Episode #125 of the Stack Overflow podcast is here. We talk Tilde Club and mechanical keyboards. Listen now
4

Those answers assume that all edge capacities are integers. Assuming they are, this works. Suppose the min-cut in the original graph has total capacity $x$; then it will have total capacity $x(|E|+1)+k$ in the transformed graph, where $k$ counts the number of edges crossing that cut. Note that if you consider any cut in the original graph with larger ...


1

This problem is NP-hard if 0 weight is allowed. We can reduce Not-All-Equal 3SAT to the decision version of this problem. Given an instance of Not-All-Equal 3SAT with $n$ variables and $m$ clauses, for each variable $x_i$, we create two vertices $v_i$ and $v_i'$ with an edge between them for each variable. In addition, for each clause, for example, $x_1\...


1

Yes, you can. If it has, say, no outcoming edge, there can be no flow routed over this node. Otherwise the flow conservation constraint for this node ($v$) $$\sum_{(u,v) \in E} f_{uv} - \underbrace{\sum_{(v,w) \in E} f_{vw}}_{= 0} = 0$$ is violated if you have incoming flow.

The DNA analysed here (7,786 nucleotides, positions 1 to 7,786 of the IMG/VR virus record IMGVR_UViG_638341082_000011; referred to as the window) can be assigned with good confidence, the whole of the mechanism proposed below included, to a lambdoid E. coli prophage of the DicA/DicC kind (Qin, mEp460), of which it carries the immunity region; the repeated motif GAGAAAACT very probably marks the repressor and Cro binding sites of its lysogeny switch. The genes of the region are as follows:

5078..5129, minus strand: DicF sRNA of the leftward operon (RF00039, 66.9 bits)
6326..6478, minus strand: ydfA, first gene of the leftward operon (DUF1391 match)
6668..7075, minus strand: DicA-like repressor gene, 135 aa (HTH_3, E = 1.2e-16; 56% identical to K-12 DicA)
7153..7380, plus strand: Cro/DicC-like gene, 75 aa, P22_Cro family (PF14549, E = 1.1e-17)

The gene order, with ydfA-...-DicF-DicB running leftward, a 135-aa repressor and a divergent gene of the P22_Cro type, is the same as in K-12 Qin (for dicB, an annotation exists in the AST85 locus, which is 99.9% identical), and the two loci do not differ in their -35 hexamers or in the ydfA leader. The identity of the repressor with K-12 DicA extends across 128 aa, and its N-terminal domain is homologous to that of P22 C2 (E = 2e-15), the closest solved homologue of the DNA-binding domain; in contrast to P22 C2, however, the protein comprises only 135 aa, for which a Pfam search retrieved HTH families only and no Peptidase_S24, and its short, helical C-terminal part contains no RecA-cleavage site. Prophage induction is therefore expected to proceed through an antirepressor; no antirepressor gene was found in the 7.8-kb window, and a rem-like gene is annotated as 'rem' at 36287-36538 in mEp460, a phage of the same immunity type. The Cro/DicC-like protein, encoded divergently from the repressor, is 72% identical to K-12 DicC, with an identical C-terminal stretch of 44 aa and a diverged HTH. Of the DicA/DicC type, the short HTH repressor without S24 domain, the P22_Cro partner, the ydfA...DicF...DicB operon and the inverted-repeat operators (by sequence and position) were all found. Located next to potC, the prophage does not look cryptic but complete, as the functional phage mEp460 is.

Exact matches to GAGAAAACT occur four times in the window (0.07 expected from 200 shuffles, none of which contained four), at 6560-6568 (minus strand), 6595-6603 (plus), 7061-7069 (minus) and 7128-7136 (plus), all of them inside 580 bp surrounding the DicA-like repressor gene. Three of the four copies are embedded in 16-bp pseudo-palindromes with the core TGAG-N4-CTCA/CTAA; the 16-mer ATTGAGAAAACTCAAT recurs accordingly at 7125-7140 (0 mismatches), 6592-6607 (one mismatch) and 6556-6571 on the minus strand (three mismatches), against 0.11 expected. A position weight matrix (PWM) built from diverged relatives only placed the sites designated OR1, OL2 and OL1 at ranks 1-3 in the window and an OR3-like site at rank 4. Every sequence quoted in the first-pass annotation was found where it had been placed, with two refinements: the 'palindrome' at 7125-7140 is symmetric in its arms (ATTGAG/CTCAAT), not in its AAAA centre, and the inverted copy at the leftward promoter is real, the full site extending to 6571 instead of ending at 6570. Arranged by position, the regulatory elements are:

1

I think it is possible to reason backwards from an optimal solution$^1$ to the order in which the paths have to be augmented to not have any pushing-back: In the solution, for any path from the source to the sink, where the flow is larger than zero, there is at least one edge, that constrains that flow, i.e: its flow is at capacity. If it were not, there ...


Only top voted, non community-wiki answers of a minimum length are eligible